Despite all of this, the most likely possibility is that the Court will not reject multimember independent agencies, at least as long as Chief Justice Roberts remains the swing vote on the Court. We have been at this precipice numerous times since the 1970s and 1980s when a series of Supreme Court decisions that seemed to portend major change fizzled into moderate reform to agency structure. Further, the Court’s removal decisions, including Seila Law, seem to enshrine the multimember independent agency into the constitutional firmament. Therefore, it may be that Seila Law, along with Free Enterprise Fund’s rule against double layered for-cause restrictions on the removal of members of multiheaded independent, will remain minor limitations on Congress’s power to create independent agencies––similar to the minor limits on Congress’s power to regulate interstate commerce that the Rehnquist Court created, namely limitation of legislation based on effects on interstate commerce to economic matters and the prohibition on federal “commandeering” of state and local officials to execute federal law. In fact, the prohibitions on two levels of protection from removal and single-headed independent agencies are analogous to the anti-commandeering doctrine. Just as Justice Sandra Day O’Connor created the anti-commandeering doctrine out of whole cloth in her dissenting opinion in FERC v. Mississippi, Justice Brett Kavanaugh created the prohibition on single-headed independent agencies in his panel opinion in the PHH Case. Commandeering of state and local officials is uncommon, just as single-headed independent agencies are exceedingly rare. If the Court remains true to form, Seila Law will be a footnote to a story of substantial congressional power to insulate agency heads from presidential control.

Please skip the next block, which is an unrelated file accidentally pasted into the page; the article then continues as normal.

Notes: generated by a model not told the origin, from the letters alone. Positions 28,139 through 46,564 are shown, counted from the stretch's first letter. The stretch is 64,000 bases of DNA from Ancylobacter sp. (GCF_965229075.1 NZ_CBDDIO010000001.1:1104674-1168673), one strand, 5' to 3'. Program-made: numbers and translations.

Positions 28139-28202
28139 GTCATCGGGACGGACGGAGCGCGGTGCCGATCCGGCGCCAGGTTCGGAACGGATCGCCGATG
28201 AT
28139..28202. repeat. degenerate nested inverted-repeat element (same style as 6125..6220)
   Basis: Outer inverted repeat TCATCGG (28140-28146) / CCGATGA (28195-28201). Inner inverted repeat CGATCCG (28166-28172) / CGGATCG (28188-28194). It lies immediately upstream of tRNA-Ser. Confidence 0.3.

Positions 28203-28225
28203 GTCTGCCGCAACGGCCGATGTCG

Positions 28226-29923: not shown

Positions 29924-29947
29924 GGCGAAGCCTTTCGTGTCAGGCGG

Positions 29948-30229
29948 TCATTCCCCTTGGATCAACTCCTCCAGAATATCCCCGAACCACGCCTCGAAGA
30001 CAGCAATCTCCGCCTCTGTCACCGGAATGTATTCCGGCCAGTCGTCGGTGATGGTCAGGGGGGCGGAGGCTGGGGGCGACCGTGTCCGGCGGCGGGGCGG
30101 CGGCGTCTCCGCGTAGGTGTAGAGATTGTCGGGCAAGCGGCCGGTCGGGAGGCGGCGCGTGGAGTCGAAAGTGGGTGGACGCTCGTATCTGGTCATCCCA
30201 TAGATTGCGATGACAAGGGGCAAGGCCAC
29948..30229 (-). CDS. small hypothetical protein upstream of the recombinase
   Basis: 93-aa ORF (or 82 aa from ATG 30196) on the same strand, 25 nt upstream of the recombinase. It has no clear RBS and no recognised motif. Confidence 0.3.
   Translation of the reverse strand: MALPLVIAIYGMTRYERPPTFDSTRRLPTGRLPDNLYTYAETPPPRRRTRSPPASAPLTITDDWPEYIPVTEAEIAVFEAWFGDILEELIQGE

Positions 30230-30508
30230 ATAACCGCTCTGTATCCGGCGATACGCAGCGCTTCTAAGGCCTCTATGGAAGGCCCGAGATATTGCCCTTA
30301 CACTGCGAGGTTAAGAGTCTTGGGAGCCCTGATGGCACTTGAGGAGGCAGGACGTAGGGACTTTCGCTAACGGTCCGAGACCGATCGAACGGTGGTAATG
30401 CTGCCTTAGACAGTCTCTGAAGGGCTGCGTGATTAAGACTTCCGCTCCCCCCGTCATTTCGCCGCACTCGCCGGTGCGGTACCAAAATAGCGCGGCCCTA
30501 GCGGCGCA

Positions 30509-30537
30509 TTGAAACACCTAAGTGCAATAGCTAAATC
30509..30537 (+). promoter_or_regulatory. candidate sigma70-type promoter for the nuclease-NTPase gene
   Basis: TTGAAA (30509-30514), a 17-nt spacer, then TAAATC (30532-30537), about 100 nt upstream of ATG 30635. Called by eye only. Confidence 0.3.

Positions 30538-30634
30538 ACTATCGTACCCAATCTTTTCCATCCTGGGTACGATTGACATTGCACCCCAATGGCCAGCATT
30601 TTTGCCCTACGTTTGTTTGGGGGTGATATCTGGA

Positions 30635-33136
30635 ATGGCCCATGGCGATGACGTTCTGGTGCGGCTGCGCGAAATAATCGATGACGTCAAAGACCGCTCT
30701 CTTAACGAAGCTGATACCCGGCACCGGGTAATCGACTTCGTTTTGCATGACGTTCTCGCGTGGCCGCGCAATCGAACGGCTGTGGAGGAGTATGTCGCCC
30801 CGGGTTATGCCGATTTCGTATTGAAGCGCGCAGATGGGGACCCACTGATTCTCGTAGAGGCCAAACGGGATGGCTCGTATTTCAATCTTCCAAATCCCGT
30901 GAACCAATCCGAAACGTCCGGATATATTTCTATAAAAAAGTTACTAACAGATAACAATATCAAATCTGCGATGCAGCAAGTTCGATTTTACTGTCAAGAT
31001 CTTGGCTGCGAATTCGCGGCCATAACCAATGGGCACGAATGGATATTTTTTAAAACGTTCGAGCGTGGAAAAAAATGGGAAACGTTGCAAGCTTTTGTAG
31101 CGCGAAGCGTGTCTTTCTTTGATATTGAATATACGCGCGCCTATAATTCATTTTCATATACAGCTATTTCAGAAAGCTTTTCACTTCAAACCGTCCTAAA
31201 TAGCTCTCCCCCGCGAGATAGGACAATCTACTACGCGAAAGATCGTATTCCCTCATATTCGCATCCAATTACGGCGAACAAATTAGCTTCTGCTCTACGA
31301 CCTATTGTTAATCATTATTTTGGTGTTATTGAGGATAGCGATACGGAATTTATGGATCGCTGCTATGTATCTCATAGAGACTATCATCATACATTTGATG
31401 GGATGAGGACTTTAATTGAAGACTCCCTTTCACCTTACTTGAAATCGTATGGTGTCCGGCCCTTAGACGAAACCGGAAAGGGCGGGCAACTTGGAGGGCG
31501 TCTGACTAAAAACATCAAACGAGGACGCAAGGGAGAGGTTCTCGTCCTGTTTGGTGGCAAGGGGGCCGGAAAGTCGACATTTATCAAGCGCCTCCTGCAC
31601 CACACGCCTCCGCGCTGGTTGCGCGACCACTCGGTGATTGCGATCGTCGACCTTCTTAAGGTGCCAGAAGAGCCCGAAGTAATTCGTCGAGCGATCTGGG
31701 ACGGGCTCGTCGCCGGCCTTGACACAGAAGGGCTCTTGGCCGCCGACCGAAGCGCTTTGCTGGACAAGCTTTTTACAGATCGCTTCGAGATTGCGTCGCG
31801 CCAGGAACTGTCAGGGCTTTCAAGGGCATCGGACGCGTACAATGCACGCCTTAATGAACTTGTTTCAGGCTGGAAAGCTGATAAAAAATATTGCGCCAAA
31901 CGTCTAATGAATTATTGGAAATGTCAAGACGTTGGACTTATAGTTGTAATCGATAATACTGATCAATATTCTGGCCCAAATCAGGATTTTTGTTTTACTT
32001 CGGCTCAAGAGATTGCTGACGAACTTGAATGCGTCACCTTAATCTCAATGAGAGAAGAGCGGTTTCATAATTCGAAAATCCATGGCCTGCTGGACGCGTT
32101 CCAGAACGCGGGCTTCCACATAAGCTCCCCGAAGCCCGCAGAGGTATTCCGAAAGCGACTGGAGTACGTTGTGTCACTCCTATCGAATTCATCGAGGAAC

What would be gained if the Supreme Court were to effectively prohibit independent agencies? In terms of fidelity to the Constitution, nothing. Rather, the Court would be negating Congress’s power to “make all laws which shall be necessary and proper” to effectuate federal powers and would be substituting the Court’s judgment for Congress’s on matters of important policy and political salience. In terms of the efficient operation of the government, again, nothing. Further, nothing in the Court’s training or historical performance points toward it knowing more about what’s good for the country than Congress, even a Congress as widely reviled as the current one. Historically, the Court has made colossal policy mistakes on, for example, economic regulation, civil rights, and gun control. For all of Congress’s faults, and all of the ugly politicking that infects it, unless a statute violates a clearly stated structural provision of the Constitution, the Supreme Court should defer to Congress’s judgments about the appropriate structure of the federal government, including the degree to which agency heads should be shielded from direct presidential control. Anyone who thinks that the problem with the U.S. government is that the president lacks sufficient control over the Executive Branch simply hasn’t been paying attention.
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Jack M. Beermann is Professor of Law and Harry Elwood Warren Scholar at Boston University School of Law and a 1983 graduate of the University of Chicago Law School.